Trump strikes blow at Iran nuclear deal in major U.S. policy shift

By Steve Holland and Yara Bayoumy

Trump strikes blow against Iran nuclear deal in major U.S. policy shift

Trump strikes blow against Iran nuclear deal in major U.S. policy shift

WASHINGTON (Reuters) - U.S. President Donald Trump struck a blow against the 2015 Iran nuclear agreement on Friday in defiance of other world powers, choosing not to certify that Tehran is complying with the deal and warning he might ultimately terminate it.
Trump announced the major shift in U.S. policy in a speech in which he detailed a more aggressive approach to Iran over its nuclear and ballistic missile programs and its support for extremist groups in the Middle East.
He accused Iran of "not living up to the spirit" of the nuclear agreement and said his goal is to ensure Tehran never obtains a nuclear weapon, in effect throwing the fate of the deal to Congress.
He singled out Iran's Islamic Revolutionary Guard Corps for sanctions and delivered a blistering critique of Tehran, which he accused of destabilizing actions in Syria, Yemen and Iraq.
"We will not continue down a path whose predictable conclusion is more violence, more terror and the very real threat of Iran’s nuclear breakout," Trump said.
Trump's hardline remarks drew praise from Israel, Iran's arch-foe, but was criticized by European allies.
The move by Trump was part of his "America First" approach to international agreements which has led him to withdraw the United States from the Paris climate accord and the Trans-Pacific Partnership trade talks and renegotiate the North American Free Trade Agreement with Canada and Mexico.
His Iran strategy angered Tehran and put Washington at odds with other signatories of the accord - Britain, France, Germany, Russia, China and the European Union - some of which have benefited economically from renewed trade with Iran.
Responding to Trump, Iranian President Hassan Rouhani said on Friday on television that Tehran was committed to the deal and accused Trump of making baseless accusations.
"The Iranian nation has not and will never bow to any foreign pressure," he said. "Iran and the deal are stronger than ever."
European allies have warned of a split with the United States over the nuclear agreement and say that putting it in limbo as Trump has done undermines U.S. credibility abroad, especially as international inspectors say Iran is in compliance with the accord.
The chief of the U.N. atomic watchdog reiterated that Iran was under the world's "most robust nuclear verification regime."
"The nuclear-related commitments undertaken by Iran under the JCPOA are being implemented," Yukiya Amano, director general of the International Atomic Energy Agency said, referring to the deal by its formal name.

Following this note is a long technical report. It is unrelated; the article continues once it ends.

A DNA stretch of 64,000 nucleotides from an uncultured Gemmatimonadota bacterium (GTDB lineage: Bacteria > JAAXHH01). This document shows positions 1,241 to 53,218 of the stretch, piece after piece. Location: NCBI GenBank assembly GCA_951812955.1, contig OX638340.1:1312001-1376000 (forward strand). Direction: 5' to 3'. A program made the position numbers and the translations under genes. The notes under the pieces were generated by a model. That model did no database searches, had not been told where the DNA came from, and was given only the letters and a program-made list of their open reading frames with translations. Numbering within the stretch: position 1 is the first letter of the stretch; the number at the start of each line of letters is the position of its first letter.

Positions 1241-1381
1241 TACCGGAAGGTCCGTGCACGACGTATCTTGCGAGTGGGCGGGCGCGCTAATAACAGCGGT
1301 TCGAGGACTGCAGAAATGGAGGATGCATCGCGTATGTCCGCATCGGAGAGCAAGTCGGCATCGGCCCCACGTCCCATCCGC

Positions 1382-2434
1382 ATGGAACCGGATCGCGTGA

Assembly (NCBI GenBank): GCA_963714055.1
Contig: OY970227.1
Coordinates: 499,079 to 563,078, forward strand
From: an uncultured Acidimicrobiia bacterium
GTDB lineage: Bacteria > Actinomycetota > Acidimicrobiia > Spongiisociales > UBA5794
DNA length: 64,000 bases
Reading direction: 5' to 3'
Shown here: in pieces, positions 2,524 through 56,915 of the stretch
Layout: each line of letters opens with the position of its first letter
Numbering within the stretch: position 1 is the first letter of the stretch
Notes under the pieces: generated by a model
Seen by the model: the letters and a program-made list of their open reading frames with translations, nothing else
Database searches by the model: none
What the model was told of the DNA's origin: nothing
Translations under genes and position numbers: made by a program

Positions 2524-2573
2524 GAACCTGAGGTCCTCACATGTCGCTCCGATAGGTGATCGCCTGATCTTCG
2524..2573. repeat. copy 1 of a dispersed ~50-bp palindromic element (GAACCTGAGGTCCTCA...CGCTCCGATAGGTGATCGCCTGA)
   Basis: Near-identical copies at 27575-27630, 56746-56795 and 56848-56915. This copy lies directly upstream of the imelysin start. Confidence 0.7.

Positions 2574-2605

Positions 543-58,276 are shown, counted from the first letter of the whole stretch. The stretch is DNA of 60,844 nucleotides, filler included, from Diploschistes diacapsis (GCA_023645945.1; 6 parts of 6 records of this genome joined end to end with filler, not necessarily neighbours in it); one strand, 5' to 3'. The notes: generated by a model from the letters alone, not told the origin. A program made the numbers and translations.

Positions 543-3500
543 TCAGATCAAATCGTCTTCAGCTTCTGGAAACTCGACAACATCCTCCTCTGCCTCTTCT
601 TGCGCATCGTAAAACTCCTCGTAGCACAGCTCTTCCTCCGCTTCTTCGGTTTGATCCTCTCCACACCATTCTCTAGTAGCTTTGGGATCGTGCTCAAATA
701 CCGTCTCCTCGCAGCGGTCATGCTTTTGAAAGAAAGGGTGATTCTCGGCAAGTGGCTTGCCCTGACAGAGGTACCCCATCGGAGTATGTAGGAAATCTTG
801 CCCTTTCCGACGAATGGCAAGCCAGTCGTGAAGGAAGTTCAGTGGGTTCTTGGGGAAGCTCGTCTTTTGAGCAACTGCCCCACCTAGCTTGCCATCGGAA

U.S. Democrats expressed skepticism at Trump's decision. Senator Ben Cardin said: “At a moment when the United States and its allies face a nuclear crisis with North Korea, the president has manufactured a new crisis that will isolate us from our allies and partners.”

CONGRESS DECIDES
While Trump did not pull the United States out of the agreement, he gave the U.S. Congress 60 days to decide whether to reimpose economic sanctions on Tehran that were lifted under the pact.
If Congress reimposes the sanctions, the United States would in effect be in violation of the terms of the nuclear deal and it would likely fall apart. If lawmakers do nothing, the deal remains in place.
Senate Foreign Relations Committee Chairman Bob Corker was working on amending the Iran Nuclear Agreement Review Act law to include "trigger points" that if crossed by Iran would automatically reimpose U.S. sanctions.
The trigger points would address strengthening nuclear inspections, Iran's ballistic missile program and eliminate the deal's "sunset clauses" under which some of the restrictions on Iran's nuclear program expire over time.
Trump directed U.S. intelligence agencies to probe whether Iran might be working with North Korea on its weapons programs.
The president, who took office in January, had reluctantly certified the agreement twice before but has repeatedly blasted it as "the worst deal ever." It was negotiated under his predecessor, former President Barack Obama.
Trump warned that if "we are not able to reach a solution working with Congress and our allies, then the agreement will be terminated."
"We'll see what happens over the next short period of time and I can do that instantaneously," he told reporters when asked why he did not choose to scrap the deal now.
The Trump administration designated the entire Islamic Revolutionary Guard Corps under an executive order targeting terrorists. The administration stopped short of labeling the group a Foreign Terrorist Organization, a list maintained by the State Department.
The Revolutionary Guard is the single most dominant player in Iran’s security, political, and economic systems and wields enormous influence in Iran’s domestic and foreign policies.
It had already previously been sanctioned by the United States under other authorities, and the immediate impact of Friday’s measure is likely to be symbolic.
The U.S. military said on Friday it was identifying new areas where it could work with allies to put pressure on Iran in support of Trump's new strategy and was reviewing the positioning of U.S. forces.
But U.S. Defense Secretary Jim Mattis said no changes in force posture had been made yet, and Iran had not responded to Trump's announcement with any provocative acts so far.

(Reporting by Steve Holland in Washington; Additional reporting by James Oliphant, Phil Stewart, Makini Brice, Patricia Zengerle, Jonathan Landay, Justin Mitchell, Tim Ahmann and Arshad Mohammed in Washington, John Irish in Paris, Parisa Hafezi in Ankara, Dan Williams in Jerusalem and Shadia Nasrallah in Vienna; Editing by Yara Bayoumy, Alistair Bell and James Dalgleish)

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